As Charlotte drew closer to the looming grey edifice that was to become her temporary home, she could not help but notice the secretive shuttered windows. Then she noticed the milkweeds…
Even a proper vicar’s daughter can make a mistake–and now Charlotte Lamb must pay a high price for her fall. To avoid the prying eyes of all who know her, she hides herself away in London’s forbidding “Milkweed Manor,” a place of mystery and lore, of old secrets and new birth.
But once there, she comes face to face with a suitor from her past–a man who now hides secrets of his own. Both are determined, with God’s help, to protect those they love. But neither can imagine the depth of sacrifice that will be required.
Sprinkled with fascinating details about the lives of women in Regency England, Lady of Milkweed Manor is a moving romantic drama about the redemption of past failings and the beauty of sacrificial love.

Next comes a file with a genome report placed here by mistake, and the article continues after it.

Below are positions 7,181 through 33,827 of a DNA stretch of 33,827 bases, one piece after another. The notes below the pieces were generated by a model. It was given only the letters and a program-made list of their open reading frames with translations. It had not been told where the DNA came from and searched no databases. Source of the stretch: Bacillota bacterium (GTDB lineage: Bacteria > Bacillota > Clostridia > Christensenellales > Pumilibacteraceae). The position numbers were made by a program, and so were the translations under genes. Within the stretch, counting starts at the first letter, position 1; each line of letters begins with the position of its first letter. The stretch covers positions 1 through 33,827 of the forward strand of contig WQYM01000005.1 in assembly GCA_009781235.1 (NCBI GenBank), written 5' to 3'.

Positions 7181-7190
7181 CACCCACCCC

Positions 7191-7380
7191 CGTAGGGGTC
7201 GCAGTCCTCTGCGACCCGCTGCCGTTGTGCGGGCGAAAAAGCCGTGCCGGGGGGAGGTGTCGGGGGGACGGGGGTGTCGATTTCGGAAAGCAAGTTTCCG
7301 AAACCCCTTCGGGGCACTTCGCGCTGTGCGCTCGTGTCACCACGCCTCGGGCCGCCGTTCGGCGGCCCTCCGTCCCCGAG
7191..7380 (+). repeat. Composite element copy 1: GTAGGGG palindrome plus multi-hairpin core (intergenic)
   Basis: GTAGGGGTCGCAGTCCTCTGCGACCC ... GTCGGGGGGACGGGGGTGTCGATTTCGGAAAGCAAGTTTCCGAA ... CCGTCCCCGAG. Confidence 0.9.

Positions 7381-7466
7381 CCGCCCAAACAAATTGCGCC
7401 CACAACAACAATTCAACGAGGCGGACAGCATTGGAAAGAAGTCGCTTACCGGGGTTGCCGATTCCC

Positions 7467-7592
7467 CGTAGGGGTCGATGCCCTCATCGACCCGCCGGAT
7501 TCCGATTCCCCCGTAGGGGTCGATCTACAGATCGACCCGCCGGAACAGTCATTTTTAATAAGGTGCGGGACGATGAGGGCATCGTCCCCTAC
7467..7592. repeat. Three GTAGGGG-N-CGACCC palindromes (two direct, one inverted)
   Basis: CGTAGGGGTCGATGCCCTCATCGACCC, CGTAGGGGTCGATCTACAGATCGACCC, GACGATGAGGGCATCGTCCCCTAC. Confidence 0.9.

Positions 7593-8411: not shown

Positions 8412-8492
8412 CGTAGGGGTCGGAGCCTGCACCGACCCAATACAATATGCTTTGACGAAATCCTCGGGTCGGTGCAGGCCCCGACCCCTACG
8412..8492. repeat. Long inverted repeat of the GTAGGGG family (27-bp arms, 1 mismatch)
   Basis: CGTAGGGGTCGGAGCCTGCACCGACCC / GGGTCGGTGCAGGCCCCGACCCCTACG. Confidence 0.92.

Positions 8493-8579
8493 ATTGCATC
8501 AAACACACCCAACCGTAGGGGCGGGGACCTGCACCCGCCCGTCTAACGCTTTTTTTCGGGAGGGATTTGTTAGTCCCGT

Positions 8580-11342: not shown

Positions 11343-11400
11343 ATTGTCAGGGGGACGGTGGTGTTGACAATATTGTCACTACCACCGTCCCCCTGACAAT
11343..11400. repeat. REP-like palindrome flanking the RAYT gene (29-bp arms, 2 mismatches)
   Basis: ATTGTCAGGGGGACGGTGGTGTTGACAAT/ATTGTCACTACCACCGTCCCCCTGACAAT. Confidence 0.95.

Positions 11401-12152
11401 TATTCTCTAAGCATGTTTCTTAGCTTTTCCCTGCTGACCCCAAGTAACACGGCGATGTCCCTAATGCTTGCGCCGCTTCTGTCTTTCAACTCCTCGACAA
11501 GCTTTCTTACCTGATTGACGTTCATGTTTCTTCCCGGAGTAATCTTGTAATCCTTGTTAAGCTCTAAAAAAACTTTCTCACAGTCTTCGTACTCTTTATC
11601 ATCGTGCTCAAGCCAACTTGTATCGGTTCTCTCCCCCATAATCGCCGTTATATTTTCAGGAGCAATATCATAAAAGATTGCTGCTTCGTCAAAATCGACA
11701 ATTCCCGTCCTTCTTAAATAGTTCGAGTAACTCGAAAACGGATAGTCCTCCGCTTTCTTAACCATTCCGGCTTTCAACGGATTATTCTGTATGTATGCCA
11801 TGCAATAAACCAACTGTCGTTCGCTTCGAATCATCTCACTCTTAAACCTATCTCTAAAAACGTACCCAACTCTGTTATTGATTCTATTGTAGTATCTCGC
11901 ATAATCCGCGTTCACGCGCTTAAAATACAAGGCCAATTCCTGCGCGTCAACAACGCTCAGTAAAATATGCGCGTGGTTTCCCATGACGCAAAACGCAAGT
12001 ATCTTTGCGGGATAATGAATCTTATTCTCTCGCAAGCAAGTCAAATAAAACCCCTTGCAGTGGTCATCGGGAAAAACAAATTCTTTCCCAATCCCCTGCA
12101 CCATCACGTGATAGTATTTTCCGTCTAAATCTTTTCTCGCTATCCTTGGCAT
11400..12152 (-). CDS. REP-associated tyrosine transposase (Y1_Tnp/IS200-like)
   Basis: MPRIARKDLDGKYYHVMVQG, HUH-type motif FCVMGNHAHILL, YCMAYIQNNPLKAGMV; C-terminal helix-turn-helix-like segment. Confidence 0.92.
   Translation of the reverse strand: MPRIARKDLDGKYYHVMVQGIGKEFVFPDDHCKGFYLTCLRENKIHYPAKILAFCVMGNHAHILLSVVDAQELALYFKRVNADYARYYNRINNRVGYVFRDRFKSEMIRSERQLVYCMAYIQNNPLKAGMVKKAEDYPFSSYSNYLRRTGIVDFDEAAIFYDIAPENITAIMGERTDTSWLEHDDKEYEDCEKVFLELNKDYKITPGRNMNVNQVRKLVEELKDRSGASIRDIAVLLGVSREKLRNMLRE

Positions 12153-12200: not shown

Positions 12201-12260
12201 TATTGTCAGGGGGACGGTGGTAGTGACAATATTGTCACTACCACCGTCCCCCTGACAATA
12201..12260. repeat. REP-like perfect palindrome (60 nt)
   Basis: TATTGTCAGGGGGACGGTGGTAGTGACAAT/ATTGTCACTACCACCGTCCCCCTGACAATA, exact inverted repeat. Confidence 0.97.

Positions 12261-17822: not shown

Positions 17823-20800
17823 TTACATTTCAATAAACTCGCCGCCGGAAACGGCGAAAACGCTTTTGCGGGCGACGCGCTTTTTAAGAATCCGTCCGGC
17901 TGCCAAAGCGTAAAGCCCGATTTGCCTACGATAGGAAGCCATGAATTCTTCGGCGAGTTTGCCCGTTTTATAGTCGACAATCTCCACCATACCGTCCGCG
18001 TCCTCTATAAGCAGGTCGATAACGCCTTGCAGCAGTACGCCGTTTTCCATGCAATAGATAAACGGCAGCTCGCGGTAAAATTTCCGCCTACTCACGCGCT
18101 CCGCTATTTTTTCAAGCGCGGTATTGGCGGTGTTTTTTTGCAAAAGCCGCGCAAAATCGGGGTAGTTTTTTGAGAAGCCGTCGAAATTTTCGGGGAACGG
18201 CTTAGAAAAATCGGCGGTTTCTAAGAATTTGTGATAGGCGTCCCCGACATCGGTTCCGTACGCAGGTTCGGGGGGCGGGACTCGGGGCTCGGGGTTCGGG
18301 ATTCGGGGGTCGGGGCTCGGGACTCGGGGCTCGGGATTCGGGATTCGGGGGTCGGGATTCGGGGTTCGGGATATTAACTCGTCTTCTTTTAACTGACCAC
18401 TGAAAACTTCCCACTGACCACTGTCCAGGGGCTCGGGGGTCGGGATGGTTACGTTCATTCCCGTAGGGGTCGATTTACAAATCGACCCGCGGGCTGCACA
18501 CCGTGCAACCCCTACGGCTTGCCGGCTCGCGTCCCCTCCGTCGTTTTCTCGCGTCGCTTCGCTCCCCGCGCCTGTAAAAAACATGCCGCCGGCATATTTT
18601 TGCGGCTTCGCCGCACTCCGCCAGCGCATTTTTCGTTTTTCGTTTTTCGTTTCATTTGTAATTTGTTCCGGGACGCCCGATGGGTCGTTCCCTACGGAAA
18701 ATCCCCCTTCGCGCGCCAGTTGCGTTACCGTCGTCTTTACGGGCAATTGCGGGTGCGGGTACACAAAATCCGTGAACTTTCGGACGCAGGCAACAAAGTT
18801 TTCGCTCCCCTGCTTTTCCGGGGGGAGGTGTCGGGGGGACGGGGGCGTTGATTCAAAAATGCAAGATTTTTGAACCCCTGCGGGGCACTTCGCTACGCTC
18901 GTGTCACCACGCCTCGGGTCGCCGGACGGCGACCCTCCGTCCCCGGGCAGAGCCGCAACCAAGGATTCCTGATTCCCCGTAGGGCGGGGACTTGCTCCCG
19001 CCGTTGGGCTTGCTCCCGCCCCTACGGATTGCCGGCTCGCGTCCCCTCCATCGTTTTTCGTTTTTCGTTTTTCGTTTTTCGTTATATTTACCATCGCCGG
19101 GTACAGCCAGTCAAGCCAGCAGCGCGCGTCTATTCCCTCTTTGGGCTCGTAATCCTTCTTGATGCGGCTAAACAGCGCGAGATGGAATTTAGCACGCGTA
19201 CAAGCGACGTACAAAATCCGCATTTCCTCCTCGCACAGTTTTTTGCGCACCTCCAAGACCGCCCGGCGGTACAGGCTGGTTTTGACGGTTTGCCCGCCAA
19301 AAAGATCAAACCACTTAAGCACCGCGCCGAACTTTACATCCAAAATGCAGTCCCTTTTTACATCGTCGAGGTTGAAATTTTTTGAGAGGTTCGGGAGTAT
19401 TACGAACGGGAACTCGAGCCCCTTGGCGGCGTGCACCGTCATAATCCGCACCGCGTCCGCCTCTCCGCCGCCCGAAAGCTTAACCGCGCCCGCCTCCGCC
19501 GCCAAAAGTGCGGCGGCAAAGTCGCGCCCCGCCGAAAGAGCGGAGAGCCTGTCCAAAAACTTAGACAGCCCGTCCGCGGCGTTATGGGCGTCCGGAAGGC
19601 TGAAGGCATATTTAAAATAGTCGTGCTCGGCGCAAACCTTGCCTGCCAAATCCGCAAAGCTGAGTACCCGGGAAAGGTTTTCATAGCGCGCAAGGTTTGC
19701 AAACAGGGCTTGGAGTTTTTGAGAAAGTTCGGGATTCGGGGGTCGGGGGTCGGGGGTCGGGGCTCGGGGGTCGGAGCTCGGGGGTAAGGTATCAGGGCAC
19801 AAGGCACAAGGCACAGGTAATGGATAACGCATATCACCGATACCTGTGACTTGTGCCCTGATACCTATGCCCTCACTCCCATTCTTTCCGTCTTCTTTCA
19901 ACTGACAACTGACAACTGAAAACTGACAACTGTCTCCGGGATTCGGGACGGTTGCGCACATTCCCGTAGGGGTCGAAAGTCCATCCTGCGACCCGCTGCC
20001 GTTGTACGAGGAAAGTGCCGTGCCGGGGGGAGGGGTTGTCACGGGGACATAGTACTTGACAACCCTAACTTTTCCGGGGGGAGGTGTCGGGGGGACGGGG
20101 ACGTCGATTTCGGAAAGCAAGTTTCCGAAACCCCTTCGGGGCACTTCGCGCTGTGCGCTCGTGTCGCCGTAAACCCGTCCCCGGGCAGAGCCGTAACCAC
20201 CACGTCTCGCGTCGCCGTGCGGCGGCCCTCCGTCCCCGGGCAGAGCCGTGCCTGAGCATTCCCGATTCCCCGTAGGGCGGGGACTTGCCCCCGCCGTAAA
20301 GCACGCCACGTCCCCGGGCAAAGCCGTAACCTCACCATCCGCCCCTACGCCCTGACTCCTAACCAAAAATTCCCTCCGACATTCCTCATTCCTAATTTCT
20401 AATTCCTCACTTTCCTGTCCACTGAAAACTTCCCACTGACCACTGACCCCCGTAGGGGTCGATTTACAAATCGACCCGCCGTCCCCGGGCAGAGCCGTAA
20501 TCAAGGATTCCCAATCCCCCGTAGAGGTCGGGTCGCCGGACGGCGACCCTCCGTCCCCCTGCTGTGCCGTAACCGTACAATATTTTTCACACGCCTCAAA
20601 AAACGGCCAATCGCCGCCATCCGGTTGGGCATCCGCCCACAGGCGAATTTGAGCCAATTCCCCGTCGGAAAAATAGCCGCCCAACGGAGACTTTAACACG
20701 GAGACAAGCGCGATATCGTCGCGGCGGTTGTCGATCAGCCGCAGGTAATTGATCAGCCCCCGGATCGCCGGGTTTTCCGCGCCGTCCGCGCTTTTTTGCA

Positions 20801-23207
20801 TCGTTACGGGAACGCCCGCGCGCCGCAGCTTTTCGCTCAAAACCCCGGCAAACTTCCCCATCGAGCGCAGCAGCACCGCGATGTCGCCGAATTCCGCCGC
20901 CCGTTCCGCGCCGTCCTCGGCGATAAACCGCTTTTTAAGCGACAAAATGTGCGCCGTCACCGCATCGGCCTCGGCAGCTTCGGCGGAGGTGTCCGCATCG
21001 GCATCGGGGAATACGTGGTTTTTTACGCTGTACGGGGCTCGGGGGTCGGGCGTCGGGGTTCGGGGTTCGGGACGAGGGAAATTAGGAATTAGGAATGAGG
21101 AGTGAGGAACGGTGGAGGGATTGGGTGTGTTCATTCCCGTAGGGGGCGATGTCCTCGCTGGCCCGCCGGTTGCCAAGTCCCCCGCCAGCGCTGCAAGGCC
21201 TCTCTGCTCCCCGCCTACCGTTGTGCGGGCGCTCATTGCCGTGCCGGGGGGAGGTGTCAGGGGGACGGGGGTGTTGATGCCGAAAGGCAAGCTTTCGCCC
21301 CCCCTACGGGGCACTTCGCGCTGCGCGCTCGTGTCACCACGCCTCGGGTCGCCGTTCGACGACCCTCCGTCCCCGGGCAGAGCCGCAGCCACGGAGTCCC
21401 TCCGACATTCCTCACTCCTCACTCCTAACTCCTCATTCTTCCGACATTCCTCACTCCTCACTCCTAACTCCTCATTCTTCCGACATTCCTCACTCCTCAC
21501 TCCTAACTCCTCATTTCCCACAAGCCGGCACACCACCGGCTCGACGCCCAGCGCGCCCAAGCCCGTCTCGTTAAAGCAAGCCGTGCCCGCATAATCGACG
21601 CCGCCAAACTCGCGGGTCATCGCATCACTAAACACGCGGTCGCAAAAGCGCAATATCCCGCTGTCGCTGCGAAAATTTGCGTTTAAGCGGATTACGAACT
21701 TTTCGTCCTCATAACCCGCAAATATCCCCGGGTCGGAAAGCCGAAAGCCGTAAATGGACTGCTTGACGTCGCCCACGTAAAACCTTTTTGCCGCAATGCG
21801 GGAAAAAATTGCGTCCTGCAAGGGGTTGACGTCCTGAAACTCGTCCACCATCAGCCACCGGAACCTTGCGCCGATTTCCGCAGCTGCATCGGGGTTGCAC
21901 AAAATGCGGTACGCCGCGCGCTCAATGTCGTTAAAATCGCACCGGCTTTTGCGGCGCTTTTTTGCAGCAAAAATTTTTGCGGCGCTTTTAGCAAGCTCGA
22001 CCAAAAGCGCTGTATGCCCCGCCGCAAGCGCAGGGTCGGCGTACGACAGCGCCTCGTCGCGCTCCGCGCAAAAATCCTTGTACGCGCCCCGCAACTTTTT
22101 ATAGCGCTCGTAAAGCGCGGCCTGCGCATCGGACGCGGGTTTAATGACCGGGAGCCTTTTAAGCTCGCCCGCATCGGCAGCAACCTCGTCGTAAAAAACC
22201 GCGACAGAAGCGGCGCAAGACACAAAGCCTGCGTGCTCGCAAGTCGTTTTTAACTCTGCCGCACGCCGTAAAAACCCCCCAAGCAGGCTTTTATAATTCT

I always find Julie Klassen’s writing to have a serious Jane Austen vibe. The time period and characters have a familiar feeling with more contemporary prose.
This was a unique story about a vicar’s daughter who finds herself pregnant and unmarried with no ‘acceptable’ arrangement readily available. I enjoyed that there wasn’t a straightforward problem at the beginning leading to an obvious solution. There were twists and surprise complications and varied characters lending colour to the story.
I think I enjoy historical fiction so much because it allows you to live for a moment in another time. Good stories, such as this one, let you experience a different society and its standards and I enjoy reflecting on how things have and sadly haven’t changed.
This book would be suitable for any historical fiction junkies with a soft spot for Jane Austen.